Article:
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An Argument for Using Science in the Treatment of Autism

If Autism Spectrum Disorders are not treated with evidence-based interventions, it’s estimated that individual lifetime care costs could be as high as $US3.2million. Quoting studies in the United States indicating that adults who undertook early intervention programs cost the community less to support, (as much as $US1 million less over their lifetime) Professor Karola Dillenburger from Queen’s University Belfast says governments investing in early, evidence-based intervention will be saving money for their communities and improving the chances of a child reaching their full potential.  

The 2007 Australian report Economic Costs of Autism Spectrum Disorder estimated the cost of ASD to the community to be between $AUD4.5 and $AUD7 billion per year. Professor Dillenburger, a chartered clinical psychologist and academic is visiting Australia during National Psychology Week and urges parents to look to science when deciding on treatments for their children with an ASD. Specifically, the science of behaviour.

Is there Anything Wrong with Trying New Autism Treatments?

Very few parents with newly diagnosed ASD children will have ample funds to spend on treatment for their children. Benison O’Reilly, mother of a son with autism, and author of The Australian Autism Handbook, counts herself among the privileged few who can afford to fund extensive treatment. However, with a background in medical writing, and a medical practitioner husband, O’Reilly’s family first looked to interventions that had the “runs on the board”. Parents of a newly diagnosed child can be overwhelmed with information and desperate to commence treatment, says Professor Dillenburger so offers this advice, “You can either try out a lot of different treatments with your child, or you can go with what we already know works…by doing fads, you could be missing opportunities to target behavioural change.”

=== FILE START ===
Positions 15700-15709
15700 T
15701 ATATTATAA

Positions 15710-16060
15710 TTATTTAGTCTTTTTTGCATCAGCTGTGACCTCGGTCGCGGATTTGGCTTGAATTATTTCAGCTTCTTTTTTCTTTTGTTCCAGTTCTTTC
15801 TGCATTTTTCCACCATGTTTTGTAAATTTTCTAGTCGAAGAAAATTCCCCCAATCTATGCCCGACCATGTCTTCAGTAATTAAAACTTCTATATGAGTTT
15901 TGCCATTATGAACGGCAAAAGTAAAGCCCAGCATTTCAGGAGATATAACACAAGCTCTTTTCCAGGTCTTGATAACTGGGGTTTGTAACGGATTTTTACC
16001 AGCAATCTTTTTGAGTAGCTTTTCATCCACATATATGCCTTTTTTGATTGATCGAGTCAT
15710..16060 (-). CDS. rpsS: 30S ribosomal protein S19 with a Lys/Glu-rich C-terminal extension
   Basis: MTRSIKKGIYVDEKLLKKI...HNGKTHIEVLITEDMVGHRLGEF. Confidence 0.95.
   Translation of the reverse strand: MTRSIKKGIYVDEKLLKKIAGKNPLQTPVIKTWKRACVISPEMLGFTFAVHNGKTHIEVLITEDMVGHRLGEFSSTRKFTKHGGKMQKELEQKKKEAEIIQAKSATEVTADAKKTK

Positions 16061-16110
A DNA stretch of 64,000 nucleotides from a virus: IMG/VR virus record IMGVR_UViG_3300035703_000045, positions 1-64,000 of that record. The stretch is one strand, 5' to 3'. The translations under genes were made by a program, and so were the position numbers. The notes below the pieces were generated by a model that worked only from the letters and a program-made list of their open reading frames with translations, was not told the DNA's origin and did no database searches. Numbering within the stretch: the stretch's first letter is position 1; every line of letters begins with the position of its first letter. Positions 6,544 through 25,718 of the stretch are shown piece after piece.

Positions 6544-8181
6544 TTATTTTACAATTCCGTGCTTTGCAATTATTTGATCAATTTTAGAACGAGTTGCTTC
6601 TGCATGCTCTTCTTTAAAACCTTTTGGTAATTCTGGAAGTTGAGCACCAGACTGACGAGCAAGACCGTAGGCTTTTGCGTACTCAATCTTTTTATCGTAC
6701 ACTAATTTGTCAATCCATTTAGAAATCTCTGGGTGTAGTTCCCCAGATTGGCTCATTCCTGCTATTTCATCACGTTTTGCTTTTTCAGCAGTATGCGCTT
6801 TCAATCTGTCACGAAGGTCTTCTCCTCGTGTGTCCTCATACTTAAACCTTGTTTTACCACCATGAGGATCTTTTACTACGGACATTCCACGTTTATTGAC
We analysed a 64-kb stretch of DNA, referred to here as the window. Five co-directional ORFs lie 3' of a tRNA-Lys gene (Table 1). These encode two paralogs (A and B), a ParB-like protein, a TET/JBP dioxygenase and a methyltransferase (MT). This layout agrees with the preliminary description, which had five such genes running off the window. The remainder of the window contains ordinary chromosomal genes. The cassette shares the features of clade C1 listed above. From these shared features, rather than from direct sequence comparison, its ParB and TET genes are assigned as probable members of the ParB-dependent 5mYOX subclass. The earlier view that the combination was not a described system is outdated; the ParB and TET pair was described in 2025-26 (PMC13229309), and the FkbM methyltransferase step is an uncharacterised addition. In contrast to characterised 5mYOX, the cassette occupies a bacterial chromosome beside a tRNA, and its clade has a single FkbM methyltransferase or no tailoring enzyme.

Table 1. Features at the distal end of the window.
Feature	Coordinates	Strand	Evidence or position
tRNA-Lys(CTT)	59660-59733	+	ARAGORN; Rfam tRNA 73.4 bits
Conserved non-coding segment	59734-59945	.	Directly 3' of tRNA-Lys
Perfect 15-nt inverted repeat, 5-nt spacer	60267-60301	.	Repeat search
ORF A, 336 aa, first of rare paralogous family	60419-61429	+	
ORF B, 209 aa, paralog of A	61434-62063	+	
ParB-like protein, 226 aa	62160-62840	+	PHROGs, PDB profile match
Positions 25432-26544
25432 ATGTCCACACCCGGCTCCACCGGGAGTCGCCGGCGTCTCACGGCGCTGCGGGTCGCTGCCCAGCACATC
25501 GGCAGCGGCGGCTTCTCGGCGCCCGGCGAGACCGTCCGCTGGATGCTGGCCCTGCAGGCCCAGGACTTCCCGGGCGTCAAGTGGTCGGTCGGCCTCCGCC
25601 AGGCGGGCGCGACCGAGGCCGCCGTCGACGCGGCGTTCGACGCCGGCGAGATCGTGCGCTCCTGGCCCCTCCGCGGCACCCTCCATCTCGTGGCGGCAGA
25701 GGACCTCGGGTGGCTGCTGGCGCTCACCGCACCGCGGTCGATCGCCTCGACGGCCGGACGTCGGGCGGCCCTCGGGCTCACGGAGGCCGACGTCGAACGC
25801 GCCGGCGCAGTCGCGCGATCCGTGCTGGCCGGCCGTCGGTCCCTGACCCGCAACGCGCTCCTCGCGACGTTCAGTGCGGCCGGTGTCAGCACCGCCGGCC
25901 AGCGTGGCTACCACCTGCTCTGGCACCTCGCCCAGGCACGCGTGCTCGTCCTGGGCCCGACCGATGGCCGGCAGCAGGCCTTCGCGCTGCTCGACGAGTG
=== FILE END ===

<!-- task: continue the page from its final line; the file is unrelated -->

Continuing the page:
After personally funding treatments costing well over what the government would allocate her child per year, O’Reilly advises parents, “Intensive early intervention remains a child’s best hope of success.” However, she acknowledges that her experience may not be typical: “Many of my friends were seduced by the idea that they could cure their kids with supplements and special diets.  Some parents find that these methods do help their children; others do not. However, none of these interventions have ever been found to be curative.”

O’Reilly says parents tend to build programmes of intervention based on what is important to their family. “Some parents are very focussed on building skills in their children: on IQ and language and school placement. For them an intensive behavioural therapy program is probably the best intervention. Other parents care less about that and just want an emotional connection with their child, so they will  tend to gravitate towards something like Floortime, which is relationship-focussed.” Dr Dillenburger’s question to parents wondering how to choose from many options is straightforward -  “do you want to apply science to the treatment of your autistic child, or not?”

Using Behavioural Science to Treat Autism